Canada's Legendary Butter Tarts Have Landed in the States
As far as Canadian culinary traditions go, few iconic dishes, let alone desserts, are ever carried across the border into the U.S. But all that's about to change: Brace yourself for the butter tart.
Though the confection itself is uniquely Canadian, you can best think of it as a cross between pecan pie (sans pecan, depending on who you ask) and sugar pie in bite-size form: a humble little treat of a flaky crust filled with ingredients like brown sugar, eggs and vanilla that's baked in a mini muffin tin and is almost always described as a sweet, buttery pastry with a gently oozing filling (get the recipe).
It wasn't until last month, though, that Americans got one of their first border-crossing tastes when Btarts, a bakery whose mission is to bring the pastry to the masses, debuted the tarts at Smorgasburg in NYC. Founder Asher Weiss, who moved from Toronto to the States four years ago, had no choice in the matter. "Shortly after I got here, I realized that no one had ever even heard of butter tarts in the U.S., let alone tasted them," he recalls.
For a country that rarely abstains from any form of sugar rush, it's a peculiar oversight. But in Canada, butter tarts are so common they're a staple of even truck stops and are so popular they've inspired not one but two butter tart bakery trails and a mouthful of festivals. (The annual Ontario's Best Butter Tart Festival—the same province where the first-known butter tart recipe was published in 1900—drew 50,000 visitors and sold 163,500 butter tarts.)
From province to province and county to county, the variations are all slight (the long-standing debate revolves around whether or not to include raisins), and like all recipes of pure, sugary nostalgia, everyone's grandmother claims to have the best recipe. Except, Weiss believes he has all of them beat—even his own.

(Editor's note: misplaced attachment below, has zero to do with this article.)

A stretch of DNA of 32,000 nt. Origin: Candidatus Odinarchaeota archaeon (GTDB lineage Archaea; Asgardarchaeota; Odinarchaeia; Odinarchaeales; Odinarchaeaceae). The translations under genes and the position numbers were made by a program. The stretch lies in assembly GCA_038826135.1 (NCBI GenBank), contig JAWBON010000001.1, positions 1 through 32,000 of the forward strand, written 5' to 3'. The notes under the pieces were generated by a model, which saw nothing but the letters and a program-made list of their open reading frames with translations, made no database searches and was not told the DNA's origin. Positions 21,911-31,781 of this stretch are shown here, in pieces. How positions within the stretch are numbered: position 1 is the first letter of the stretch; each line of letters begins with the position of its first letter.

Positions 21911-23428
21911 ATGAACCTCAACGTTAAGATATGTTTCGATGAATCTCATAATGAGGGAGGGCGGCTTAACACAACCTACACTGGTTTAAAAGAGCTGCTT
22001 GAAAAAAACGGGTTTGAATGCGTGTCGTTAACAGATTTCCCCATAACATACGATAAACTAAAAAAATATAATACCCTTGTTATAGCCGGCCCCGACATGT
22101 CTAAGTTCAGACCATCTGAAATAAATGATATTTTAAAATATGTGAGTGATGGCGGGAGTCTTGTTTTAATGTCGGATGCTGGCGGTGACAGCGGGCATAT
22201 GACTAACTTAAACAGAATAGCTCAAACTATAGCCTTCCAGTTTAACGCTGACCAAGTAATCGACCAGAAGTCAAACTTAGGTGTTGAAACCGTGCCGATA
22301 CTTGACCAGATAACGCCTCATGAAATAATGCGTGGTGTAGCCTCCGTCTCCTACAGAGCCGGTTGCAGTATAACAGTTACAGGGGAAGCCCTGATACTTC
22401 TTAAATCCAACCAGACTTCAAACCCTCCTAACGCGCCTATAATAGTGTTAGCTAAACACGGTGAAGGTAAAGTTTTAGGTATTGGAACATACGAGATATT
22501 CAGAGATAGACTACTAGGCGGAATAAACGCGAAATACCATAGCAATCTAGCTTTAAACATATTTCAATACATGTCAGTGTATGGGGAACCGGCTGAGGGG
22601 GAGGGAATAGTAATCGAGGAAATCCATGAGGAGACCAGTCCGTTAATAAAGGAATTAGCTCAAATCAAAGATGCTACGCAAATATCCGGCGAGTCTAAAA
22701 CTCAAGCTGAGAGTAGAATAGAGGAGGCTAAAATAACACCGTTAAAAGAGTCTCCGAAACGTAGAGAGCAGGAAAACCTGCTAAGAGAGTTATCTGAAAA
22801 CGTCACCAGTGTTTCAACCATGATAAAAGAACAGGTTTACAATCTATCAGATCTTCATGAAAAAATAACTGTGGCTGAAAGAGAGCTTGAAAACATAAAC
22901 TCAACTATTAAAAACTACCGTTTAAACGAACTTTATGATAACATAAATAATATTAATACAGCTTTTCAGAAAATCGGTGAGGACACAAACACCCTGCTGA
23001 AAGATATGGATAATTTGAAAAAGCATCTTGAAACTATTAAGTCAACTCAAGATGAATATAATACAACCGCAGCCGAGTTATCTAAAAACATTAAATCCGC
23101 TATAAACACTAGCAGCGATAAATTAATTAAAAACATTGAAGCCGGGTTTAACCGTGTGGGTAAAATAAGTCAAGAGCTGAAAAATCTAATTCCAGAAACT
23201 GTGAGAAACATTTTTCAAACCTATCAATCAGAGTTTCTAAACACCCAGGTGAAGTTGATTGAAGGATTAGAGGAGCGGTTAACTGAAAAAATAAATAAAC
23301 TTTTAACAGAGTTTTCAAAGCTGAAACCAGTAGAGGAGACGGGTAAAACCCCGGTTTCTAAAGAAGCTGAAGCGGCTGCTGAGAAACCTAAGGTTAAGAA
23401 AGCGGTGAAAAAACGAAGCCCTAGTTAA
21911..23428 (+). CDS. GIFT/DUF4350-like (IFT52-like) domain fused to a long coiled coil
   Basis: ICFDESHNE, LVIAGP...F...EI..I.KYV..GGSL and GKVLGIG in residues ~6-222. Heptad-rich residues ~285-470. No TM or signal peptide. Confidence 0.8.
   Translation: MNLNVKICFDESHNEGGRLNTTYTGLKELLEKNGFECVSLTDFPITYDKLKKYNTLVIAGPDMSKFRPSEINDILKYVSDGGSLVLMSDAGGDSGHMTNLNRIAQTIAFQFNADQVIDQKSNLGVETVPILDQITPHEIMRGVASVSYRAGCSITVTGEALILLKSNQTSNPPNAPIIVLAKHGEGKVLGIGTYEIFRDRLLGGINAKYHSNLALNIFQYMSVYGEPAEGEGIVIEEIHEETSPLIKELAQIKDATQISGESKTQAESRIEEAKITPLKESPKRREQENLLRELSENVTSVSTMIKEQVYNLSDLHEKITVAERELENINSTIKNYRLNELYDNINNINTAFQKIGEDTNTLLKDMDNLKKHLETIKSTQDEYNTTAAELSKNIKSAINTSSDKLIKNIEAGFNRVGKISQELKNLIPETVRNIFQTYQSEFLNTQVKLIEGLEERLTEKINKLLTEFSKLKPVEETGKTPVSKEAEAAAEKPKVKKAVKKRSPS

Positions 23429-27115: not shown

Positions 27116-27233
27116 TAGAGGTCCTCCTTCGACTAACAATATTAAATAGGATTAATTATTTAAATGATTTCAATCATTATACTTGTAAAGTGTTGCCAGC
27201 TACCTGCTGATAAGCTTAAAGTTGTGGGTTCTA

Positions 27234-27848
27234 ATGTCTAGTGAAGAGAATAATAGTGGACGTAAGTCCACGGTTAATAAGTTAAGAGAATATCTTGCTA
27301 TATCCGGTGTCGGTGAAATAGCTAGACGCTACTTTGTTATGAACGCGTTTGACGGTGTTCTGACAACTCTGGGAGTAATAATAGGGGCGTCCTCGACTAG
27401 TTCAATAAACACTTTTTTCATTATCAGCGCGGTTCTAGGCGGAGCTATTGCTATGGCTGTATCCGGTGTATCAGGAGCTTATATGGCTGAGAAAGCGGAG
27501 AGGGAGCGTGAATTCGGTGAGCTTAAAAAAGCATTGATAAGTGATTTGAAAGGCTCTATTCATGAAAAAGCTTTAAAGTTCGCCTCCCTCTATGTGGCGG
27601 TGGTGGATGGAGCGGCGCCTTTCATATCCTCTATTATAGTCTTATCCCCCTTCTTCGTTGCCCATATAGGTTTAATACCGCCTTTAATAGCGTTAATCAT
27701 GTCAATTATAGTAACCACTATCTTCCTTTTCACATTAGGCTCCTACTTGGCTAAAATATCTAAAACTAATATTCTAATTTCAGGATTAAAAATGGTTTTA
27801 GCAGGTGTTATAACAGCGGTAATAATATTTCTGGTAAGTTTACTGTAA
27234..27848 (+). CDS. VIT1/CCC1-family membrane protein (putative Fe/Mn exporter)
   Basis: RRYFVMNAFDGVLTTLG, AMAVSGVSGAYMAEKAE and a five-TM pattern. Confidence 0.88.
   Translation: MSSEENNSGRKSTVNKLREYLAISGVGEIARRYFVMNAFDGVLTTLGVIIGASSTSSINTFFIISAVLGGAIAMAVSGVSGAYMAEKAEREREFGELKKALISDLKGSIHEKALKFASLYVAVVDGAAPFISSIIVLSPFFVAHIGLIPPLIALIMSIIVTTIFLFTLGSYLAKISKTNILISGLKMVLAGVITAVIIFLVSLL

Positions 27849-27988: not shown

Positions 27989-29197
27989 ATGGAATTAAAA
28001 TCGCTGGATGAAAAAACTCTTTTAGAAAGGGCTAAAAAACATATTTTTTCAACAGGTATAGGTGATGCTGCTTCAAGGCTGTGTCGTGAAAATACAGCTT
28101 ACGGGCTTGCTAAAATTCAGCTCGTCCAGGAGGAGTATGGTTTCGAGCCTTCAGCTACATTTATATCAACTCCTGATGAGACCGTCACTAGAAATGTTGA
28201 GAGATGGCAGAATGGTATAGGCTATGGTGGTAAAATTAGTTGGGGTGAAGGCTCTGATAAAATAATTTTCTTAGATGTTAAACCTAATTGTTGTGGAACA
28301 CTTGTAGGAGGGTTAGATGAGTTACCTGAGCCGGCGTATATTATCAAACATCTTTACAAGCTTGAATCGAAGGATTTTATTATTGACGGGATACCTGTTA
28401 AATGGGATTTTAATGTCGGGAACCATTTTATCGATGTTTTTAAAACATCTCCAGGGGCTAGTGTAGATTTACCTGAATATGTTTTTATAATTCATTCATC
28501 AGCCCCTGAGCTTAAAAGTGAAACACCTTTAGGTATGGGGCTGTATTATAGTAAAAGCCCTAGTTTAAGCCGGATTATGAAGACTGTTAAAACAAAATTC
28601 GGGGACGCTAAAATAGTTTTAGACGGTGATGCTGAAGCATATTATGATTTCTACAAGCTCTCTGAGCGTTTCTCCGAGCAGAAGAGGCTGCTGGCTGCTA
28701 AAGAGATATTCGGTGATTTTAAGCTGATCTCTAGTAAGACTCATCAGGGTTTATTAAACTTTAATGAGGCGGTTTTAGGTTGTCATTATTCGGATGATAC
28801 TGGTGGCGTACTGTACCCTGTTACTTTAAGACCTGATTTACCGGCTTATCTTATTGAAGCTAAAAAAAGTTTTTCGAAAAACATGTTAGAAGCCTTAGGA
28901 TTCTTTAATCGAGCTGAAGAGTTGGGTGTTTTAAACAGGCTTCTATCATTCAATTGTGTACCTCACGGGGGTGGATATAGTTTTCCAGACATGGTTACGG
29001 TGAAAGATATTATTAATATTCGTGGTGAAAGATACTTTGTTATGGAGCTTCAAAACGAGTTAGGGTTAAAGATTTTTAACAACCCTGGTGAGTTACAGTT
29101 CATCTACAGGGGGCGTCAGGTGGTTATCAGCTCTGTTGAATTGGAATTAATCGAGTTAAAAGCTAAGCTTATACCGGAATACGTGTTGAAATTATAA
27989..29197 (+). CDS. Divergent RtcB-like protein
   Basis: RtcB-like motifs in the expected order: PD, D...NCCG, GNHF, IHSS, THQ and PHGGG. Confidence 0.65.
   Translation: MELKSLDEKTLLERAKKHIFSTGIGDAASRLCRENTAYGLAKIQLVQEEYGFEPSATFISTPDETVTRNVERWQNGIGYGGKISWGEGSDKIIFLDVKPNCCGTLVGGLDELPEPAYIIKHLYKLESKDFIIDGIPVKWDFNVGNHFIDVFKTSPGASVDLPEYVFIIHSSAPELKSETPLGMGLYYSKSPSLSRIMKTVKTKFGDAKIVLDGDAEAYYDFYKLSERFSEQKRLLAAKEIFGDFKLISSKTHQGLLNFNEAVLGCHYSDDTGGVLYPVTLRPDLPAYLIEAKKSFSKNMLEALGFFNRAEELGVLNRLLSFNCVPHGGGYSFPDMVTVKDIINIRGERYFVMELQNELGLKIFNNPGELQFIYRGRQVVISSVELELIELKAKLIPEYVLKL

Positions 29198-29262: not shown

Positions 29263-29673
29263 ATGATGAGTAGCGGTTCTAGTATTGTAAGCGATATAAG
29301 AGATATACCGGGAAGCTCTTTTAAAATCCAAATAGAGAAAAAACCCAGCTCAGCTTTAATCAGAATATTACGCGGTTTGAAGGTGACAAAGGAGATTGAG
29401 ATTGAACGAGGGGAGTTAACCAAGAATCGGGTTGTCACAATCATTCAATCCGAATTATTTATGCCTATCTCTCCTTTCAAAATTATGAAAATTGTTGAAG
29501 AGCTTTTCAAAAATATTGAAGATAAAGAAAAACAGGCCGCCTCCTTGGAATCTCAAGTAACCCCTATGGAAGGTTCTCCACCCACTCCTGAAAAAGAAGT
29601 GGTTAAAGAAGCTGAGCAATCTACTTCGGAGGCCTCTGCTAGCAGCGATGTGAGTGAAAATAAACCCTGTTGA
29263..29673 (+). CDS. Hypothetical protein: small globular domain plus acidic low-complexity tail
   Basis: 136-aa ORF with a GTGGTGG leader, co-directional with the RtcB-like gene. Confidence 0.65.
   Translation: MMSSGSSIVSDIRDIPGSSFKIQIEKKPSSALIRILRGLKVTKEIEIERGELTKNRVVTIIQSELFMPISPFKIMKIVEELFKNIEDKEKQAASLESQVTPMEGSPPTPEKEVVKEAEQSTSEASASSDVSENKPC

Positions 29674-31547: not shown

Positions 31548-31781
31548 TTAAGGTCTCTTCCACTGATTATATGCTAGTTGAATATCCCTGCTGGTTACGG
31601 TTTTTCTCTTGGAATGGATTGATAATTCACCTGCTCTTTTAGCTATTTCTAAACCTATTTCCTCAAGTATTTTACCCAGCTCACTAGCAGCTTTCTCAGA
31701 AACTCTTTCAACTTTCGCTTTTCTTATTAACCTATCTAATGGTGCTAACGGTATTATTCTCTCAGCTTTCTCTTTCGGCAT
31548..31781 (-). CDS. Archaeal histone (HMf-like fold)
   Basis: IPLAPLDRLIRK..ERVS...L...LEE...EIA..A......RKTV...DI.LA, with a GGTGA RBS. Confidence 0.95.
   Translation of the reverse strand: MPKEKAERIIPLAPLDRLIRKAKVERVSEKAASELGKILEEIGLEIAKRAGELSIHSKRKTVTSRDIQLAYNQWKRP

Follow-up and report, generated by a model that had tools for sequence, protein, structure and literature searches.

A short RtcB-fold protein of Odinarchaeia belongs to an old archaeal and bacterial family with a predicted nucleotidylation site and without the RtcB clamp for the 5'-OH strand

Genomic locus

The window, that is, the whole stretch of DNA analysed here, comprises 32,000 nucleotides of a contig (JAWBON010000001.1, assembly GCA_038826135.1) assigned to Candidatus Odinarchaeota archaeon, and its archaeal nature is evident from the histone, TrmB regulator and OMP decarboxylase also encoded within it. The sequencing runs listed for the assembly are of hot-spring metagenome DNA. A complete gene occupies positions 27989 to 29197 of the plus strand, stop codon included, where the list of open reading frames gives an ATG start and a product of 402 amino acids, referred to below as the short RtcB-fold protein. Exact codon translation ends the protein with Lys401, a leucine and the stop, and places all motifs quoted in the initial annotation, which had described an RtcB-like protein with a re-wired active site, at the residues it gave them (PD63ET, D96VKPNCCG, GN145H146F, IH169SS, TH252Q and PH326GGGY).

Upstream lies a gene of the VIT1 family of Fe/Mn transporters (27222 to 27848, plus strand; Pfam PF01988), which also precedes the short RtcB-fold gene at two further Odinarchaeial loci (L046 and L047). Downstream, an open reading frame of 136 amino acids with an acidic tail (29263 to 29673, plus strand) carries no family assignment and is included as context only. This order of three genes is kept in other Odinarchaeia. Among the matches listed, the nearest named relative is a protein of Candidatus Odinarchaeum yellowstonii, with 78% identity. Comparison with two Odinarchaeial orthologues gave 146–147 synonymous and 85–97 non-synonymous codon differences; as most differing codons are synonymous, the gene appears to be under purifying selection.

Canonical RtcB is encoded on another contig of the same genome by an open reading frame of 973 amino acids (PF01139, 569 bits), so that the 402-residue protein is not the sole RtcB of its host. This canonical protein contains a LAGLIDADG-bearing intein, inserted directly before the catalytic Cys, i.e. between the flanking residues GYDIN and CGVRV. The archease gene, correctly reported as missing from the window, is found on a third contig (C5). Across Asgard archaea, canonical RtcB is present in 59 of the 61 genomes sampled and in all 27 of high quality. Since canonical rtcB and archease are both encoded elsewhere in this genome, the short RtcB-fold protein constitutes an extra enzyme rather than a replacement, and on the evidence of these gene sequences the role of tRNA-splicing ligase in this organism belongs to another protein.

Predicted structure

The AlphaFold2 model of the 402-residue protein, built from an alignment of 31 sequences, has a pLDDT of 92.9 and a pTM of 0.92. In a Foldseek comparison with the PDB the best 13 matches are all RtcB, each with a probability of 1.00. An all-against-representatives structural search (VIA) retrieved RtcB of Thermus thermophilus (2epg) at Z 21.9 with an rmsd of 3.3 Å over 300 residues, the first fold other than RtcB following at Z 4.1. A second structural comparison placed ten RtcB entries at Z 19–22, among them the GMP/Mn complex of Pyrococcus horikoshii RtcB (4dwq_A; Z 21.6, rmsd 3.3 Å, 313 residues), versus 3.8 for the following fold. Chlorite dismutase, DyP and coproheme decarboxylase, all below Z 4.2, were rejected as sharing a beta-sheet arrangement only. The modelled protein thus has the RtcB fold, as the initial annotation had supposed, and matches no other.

Along with his parents, Weiss scoured Ontario to try butter tarts across the entire region, where a long list of bakeries claim to have the best recipe. "We tasted the tarts from hundreds of bakeries around the province, including those that are on the official Butter Tart Trail and from all of the vendors who participate in the two major Ontario Butter Tart Festivals," he says. "We also ordered butter tarts from every café, restaurant and specialty food shop that was recommended by our many foodie friends and baked dozens of recipes from Canadian cookbooks—it took us months of tasting and comparing and baking." And, yes, he even gave his great-grandmother's recipe a go.
So what's Btarts' secret recipe? Weiss won't divulge, but it helps that production is led by Rebecca Isbell, who for years was (ironically) a butter-starved pastry chef at Michelin-starred restaurant Betony in NYC before it closed. But one trick they are willing to share is that, as with most recipes, the quality of ingredients plays a crucial role.
"Most of the old recipes used lard in the pastry, and even now, most bakeries and other producers in Canada use shortening," Weiss explains. "Our pastry is all butter." He also uses organic butter (and organic eggs), not to mention pure Canadian maple syrup in place of the usual corn syrup found in most recipes.
Keith Flanagan is a Brooklyn-based food and travel writer—he's never met a pastry he didn't eat. Follow his every meal on Instagram at @keithflanny.
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